The Baltimore Sun went to Japan to ride the maglev — and studied the plan to build one in Maryland

The magnetic levitation or “maglev” train in Japan can reach 311 mph while floating above its test track. Backers who want to build a similar line in the U.S. say it could transport travelers from Washington to Baltimore in 15 minutes, and from Washington to New York in an hour. But is it feasible?

What could be the future of high-speed travel between Baltimore, Washington and New York is already a reality in rural Japan. The magnetic levitation or “maglev” train outside Tokyo regularly hits 311 mph while floating about four inches above its test track. It’s the fastest train in the world.

The train’s developers have partnered with a Maryland-based team to propose a maglev train here. It would get you from Baltimore to Washington in just 15 minutes.

Backers of a 311-mph Japanese maglev train say it could get travelers from DC to Baltimore in 15 minutes and from DC to New York in an hour. Does it have a chance?

Baltimore Sun reporter Kevin Rector traveled across central Japan and throughout the Baltimore-Washington region to better understand the U.S. proposal and its Japanese counterpart. He conducted more than 50 interviews with railroad executives, engineers, lawyers, activists, analysts, local residents and elected officials.

He also rode the maglev, to experience the technology firsthand.


To read his story, click here.

Here are some key findings:

Just how fast?

The maglev train’s 311 mph maximum speed is more than twice the top speed of the fastest train in the U.S. today, Amtrak’s Acela, which sometimes reaches 150 mph.

A Northeast Corridor maglev could take travelers from Washington to New York in an hour.

Riding the maglev doesn’t diminish its other-worldliness. When the train rumbles to life, starts to move and hits about 70 mph, you can feel it suddenly lose touch with the ground as powerful magnets work their magic. The speed quickly doubles, then triples, then quadruples.

Maglev technology uses powerful magnets to lift, center and propel the train along a guideway. The magnets — made with a titanium alloy cooled to minus 452 degrees Fahrenheit — are built into the train. They interact with other magnets in the guideway walls.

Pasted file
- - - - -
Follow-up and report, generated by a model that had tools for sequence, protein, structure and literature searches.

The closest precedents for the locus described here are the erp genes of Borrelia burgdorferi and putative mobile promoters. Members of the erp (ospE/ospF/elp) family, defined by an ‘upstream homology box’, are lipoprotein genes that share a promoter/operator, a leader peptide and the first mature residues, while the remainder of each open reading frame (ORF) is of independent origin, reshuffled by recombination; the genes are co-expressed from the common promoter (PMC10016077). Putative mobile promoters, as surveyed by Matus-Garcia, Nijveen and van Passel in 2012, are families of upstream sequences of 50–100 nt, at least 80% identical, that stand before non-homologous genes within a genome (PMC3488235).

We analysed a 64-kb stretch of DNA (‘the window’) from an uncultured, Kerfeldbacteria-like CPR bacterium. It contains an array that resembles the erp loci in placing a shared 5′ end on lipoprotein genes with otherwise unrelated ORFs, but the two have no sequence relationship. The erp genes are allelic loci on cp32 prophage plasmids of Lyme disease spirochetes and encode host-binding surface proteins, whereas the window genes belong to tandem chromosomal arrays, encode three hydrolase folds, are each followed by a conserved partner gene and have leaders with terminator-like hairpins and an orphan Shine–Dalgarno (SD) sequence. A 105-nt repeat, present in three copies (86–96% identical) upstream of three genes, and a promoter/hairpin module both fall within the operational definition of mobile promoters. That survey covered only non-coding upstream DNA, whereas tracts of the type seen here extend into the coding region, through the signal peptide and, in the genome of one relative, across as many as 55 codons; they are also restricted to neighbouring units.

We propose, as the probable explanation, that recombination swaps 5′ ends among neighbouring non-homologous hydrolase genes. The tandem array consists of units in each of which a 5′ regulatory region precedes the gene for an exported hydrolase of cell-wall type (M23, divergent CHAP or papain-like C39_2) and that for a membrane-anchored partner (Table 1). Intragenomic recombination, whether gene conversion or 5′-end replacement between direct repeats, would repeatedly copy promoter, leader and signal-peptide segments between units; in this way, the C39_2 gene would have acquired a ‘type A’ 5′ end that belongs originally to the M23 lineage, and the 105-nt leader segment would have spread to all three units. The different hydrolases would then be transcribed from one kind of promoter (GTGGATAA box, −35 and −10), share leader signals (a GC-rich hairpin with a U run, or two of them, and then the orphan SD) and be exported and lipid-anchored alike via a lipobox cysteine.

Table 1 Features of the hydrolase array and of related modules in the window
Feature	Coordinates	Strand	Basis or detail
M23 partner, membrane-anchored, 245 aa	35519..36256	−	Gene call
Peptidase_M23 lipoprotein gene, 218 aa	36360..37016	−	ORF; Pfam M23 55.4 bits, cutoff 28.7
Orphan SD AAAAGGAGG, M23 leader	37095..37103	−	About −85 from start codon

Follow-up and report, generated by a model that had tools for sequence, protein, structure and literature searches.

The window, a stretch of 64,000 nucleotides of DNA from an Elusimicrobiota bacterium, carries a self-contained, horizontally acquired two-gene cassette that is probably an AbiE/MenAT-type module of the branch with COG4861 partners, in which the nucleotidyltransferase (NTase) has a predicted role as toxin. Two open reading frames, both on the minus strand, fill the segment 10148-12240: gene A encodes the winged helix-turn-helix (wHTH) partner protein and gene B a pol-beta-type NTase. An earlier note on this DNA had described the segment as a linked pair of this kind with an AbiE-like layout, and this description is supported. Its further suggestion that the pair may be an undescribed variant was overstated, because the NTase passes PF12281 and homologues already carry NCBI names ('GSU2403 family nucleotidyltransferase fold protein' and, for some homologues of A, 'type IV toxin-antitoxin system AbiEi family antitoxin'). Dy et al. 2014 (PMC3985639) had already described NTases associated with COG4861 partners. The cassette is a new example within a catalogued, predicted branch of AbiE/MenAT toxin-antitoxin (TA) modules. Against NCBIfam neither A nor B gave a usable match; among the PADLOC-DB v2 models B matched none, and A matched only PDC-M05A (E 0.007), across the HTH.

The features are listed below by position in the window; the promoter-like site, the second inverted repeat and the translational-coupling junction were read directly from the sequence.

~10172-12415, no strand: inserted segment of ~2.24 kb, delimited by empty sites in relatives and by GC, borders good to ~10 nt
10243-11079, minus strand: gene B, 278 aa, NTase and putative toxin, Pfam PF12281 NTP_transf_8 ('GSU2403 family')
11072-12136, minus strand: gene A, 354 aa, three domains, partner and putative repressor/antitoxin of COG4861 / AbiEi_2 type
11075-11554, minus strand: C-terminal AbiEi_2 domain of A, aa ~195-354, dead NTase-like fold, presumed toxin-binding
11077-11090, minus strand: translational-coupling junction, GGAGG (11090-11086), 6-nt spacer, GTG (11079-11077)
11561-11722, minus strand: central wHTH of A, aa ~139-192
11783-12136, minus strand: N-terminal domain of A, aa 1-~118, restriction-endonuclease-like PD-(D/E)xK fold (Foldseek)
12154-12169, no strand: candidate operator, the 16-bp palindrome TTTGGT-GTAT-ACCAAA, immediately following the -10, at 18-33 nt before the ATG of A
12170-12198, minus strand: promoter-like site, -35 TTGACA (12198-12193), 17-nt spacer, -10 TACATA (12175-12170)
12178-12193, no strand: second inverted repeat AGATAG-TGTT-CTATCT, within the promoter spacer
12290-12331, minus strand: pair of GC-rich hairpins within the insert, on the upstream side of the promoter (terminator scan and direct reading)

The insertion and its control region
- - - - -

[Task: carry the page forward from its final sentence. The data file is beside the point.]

For and against

Supporters cite the project’s potential to ease highway congestion, free up air space, create jobs and boost American productivity. They say it will be a boon for Baltimore, in particular, which has lost population for decades and struggles to hold onto an economic base beyond the universities and hospitals that anchor it. They say terrible traffic congestion throughout the Northeast will strangle economic growth if nothing is done.

But opposition to the project is widespread among people who live in communities along the two proposed routes. They worry about noise, vibration or electromagnetic fields creating dangerous or disruptive conditions near their homes. They also worry the developers will seek a taxpayer-funded bailout. They want to see the money spent on other things.

Those pushing the train here say concerns about disruption or danger have all been addressed as the Japanese project has gone forward. They say few residential properties will be affected. And they say that after up-front government investment, they have no intention of seeking subsidies.

Is this really a serious proposal?

Officials from the Central Japan Railway Co., which developed the technology, have been laying the groundwork for a U.S. maglev for nearly a decade. They recruited a team of well-connected U.S. political operatives and investors.

A Maryland-based company, Baltimore Washington Rapid Rail, is now pushing the project. They say that if all goes well, they could begin construction as early as 2020. And they say the maglev could be operating between Washington and Baltimore in 2027.

Both proposed maglev routes leave Baltimore near Westport and use tunnels for more than two-thirds of the distance to Washington. One runs along the eastern side of Baltimore-Washington Parkway, the other along the western side.
Both proposed maglev routes leave Baltimore near Westport and use tunnels for more than two-thirds of the distance to Washington. One runs along the eastern side of Baltimore-Washington Parkway, the other along the western side. (Caroline Pate/Baltimore Sun Graphic)

The Obama administration provided $28 million to study the Washington to Baltimore proposal. Gov. Larry Hogan’s administration agreed to sponsor Baltimore-Washington Rapid Rail through the federal review process.


Hogan, a Republican, says he’s waiting for the review before deciding whether to support the project. Ben Jealous, Hogan’s Democratic challenger in the November election, says he favors mass transit that would serve a much larger ridership and is opposed to the maglev project. The Trump administration has not taken a position.

What would it cost?

The Washington to Baltimore leg, which would come first, would cost an estimated $10 billion to $15 billion, according to railroad estimates. It would require significant federal funding up-front. But its backers say they would need no state cash and no ongoing federal funding.

They say fares would be competitive with those for Amtrak’s Acela service, which generally range between $50 and $100, depending on time and class of ticket.

What’s next?

A detailed federal analysis of the two proposed routes is expected this fall.

Next year, a draft Environmental Impact Statement is expected to identify a preferred route. The public can comment.

By 2020, the Federal Railroad Administration is expected to issue a final report saying which line, if either, should be built.

If political leaders in Washington and Annapolis decided to back the project, its developers would have to come up with $10 billion to $15 billion to pay for it.

Recommended on Baltimore Sun